By Bethany Blankley (The Center Square)
At least 215,908 foreign nationals were apprehended or reported evading capture after illegally entering the southwest border in August, according to preliminary Border Patrol data obtained by The Center Square.
This includes at least 187,553 apprehensions and 28,355 gotaways. “Gotaways” is the official U.S. Customs and Border Protection term that refers to the number of people known and reported to illegally enter the U.S. between ports of entry who intentionally try to evade capture and don’t return to Mexico. In August, the most gotaways were reported in the Tucson and Rio Grande Valle sectors. Notably, with most Yuma agents pulled out of the field to deal with an influx of people arriving at open areas of the border wall, gotaway numbers reported by agents last month were extremely low, which is out of the ordinary.
CBP doesn’t publicly report gotaway data. The data was obtained by The Center Square from a U.S. Border Patrol agent who provided it on condition of anonymity for fear of retaliation. It only includes Border Patrol data and excludes Office of Field Operations data. Total numbers are higher once OFO data is included.
As of September 5, the preliminary data for August in the nine southwest border sectors include:
BIG BEND SECTOR
Gotaways Border Zone (known/recorded)- 114
Unclassifiable Detection- 2
Gotaways Interior Zone- 36
No Violations- 15
Support Conservative Voices!
Sign up to receive the latest political news, insight, and commentary delivered directly to your inbox.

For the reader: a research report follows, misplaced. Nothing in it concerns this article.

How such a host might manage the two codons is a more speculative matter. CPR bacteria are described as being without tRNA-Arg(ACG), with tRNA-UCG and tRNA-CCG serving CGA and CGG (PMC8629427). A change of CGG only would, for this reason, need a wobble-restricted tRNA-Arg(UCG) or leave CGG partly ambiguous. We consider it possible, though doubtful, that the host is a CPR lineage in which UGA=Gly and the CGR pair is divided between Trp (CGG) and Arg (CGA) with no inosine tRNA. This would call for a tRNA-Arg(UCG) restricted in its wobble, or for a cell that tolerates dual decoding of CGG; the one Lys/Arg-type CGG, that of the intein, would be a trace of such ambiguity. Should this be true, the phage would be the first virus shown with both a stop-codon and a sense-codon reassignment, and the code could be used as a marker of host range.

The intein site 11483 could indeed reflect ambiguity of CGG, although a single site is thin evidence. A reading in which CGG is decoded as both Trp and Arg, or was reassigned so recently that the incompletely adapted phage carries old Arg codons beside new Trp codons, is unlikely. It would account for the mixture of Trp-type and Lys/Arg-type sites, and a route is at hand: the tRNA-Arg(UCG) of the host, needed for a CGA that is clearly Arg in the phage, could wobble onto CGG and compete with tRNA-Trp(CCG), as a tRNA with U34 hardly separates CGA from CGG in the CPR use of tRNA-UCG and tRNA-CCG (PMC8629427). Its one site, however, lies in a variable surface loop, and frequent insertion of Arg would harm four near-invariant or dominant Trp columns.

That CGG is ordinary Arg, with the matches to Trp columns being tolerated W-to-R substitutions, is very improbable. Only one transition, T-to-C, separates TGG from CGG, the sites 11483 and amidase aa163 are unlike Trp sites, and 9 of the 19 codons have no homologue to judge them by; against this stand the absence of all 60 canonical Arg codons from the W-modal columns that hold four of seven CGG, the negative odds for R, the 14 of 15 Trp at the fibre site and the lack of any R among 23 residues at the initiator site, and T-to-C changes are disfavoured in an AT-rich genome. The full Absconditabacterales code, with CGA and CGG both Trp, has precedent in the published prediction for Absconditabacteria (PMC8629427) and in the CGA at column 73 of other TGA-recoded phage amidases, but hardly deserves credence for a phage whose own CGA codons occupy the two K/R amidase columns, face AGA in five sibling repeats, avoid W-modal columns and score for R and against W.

DEL RIO SECTOR
Gotaways Border Zone (known/recorded)- 3,502
Unclassifiable Detection- 66
Gotaways Interior Zone- 580
No Violations- 75
EL CENTRO SECTOR
Gotaways Border Zone (known/recorded)- 214
Unclassifiable Detection- 0
Gotaways Interior Zone- 0
No Violations- 3
EL PASO SECTOR
Gotaways Border Zone (known/recorded)- 8,724
Unclassifiable Detection- 6
Gotaways Interior Zone- 176
No Violations- 13
Gotaways Border Zone (known/recorded)- 1,152
Unclassifiable Detection- 5
Gotaways Interior Zone- 130
No Violations- 81
RIO GRANDE VALLEY SECTOR
Gotaways Border Zone (known/recorded)- 1,538
Unclassifiable Detection- 59
Gotaways Interior Zone- 264
No Violations- 77
SAN DIEGO SECTOR
Gotaways Border Zone (known/recorded)- 2,811
Unclassifiable Detection- 28
Gotaways Interior Zone- 2,278
No Violations- 11
Gotaways Border Zone (known/recorded)- 5,538
Unclassifiable Detection- 88
Gotaways Interior Zone- 1,204
No Violations- 72
Gotaways Border Zone (known/recorded)- 88
Unclassifiable Detection- 1
Gotaways Interior Zone- 6
No Violations- 22
Of top five stations with the most foot traffic, three were in Texas. By volume, Eagle Pass, Texas, had the most, followed by Ajo, Arizona, McAllen and Rio Grande City, Texas, and Santa Teresa, New Mexico, just west of El Paso.
The Eagle Pass station reported 23,378 apprehensions last month, followed by Ajo’s 20,600, McAllen’s 17,167, Rio Grande City’s 15,128, and Santa Teresa’s 12,148. Combined, the busiest stations reported 11,871 gotaways.
Apprehensions refer to those who illegally enter the U.S. and surrender or are caught by Border Patrol agents. Turnbacks refer to those who illegally enter but turn back to Mexico. The gotaway data indicates where foreign nationals are detected illegally entering the U.S., at the Mexican border or farther north in the interior.
Unclassifiable detection isn’t part of 6 U.S. Code, which specifies how encounters are to be reported. It means agents, for a range of reasons, couldn’t determine citizenship. No-violations are individuals “deemed to have committed no infraction and don’t affect Got-Away statistics,” according to the internal tracking system Border Patrol agents use.
The gotaway data is believed to be much higher than reported because it doesn’t include unknown and unrecorded gotaways. With the majority of agents no longer in the field, they are unable to detect how many are getting through. Agents have explained to The Center Square they have no idea how many gotaways there really are in the U.S., who or where they are.
Syndicated with permission from The Center Square.